A Responsive Accountable Government

It is clear that there is understandable public dissatisfaction with the way the States take account of public opinion between general elections. I would support the introduction of a petition system similar to Jersey’s which would require a ministerial response at 1,000 signatories and consideration for States debate at 5,000 signatories.

Answers to questions proposed by the public:

Most of the detailed work of the States is done in committees, like the Committee for Environment and Infrastructure. What experience do you have of being on a committee and how did you contribute?

I have served as a committee member for a number of voluntary organisations in the past. I was also a member of the Executive Committee of the Association of Guernsey Civil Servants Branch of Prospect becoming president at the end of my career with the Civil Service. During my career I also regularly attended Home Affairs Board meetings where I advised on Revenue and Capital budgetary matters.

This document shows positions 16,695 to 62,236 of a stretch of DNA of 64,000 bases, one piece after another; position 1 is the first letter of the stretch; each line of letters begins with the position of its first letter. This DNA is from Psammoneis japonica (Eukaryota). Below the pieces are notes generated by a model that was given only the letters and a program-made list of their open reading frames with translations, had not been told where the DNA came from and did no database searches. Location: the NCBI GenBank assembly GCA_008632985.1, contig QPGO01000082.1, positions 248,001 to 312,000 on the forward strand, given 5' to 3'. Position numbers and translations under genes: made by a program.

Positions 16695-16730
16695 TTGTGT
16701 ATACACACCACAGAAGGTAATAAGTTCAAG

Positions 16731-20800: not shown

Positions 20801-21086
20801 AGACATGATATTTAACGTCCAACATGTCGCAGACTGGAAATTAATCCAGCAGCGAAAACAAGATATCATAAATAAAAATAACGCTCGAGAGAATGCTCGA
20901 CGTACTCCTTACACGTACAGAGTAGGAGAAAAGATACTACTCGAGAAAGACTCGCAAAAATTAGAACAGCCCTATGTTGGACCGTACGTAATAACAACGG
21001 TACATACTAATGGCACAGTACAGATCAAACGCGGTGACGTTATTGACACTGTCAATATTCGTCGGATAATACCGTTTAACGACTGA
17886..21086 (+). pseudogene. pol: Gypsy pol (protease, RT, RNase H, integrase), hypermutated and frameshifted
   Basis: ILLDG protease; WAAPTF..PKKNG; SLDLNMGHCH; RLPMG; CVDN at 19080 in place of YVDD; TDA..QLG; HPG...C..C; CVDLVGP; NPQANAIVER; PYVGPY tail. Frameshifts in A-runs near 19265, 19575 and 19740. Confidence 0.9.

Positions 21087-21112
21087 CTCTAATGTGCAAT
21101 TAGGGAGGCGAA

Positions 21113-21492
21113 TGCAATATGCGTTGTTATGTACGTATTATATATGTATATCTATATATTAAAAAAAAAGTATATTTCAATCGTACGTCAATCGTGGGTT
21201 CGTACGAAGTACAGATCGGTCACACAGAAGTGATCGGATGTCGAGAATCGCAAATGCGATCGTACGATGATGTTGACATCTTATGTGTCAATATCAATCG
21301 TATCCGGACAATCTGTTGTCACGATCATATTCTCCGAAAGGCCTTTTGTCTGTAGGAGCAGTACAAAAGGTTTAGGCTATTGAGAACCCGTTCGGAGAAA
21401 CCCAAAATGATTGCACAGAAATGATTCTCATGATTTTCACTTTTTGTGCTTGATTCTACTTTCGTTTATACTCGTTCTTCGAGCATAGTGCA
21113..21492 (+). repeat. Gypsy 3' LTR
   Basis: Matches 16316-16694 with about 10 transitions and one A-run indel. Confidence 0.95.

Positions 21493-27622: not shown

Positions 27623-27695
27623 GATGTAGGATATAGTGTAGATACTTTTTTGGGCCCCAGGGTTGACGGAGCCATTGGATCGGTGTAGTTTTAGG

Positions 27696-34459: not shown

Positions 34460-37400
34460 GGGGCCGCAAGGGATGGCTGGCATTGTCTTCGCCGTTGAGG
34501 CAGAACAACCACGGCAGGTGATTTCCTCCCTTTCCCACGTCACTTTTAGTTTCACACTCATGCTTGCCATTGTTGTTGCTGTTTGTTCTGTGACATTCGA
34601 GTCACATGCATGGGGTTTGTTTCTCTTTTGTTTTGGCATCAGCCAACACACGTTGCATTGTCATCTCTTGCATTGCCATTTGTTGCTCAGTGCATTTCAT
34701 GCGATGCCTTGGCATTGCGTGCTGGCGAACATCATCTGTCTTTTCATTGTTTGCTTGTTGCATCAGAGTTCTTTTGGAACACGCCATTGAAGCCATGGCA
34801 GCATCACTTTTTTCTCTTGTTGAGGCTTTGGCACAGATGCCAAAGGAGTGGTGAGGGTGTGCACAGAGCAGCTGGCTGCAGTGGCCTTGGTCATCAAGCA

With unemployment currently running at an all time high, what measures would you like in place to ensure local people are offered jobs before license holders ?

It is a very difficult thing to balance the needs of the ecconomy and local residents when it comes to the job market. At present the ability to move to the island and work is governed by Population Management Regulations which replaced the former Housing Control Laws. I would hope that as regards the public sector preference is given to local residents. In the longer term it may be necessary to provide education provision to upskill islanders so that recruitment off island just becomes unattractive to employers.

What concrete measures would you like to see implemented in Guernsey during the next term to achieve net zero carbon by 2050?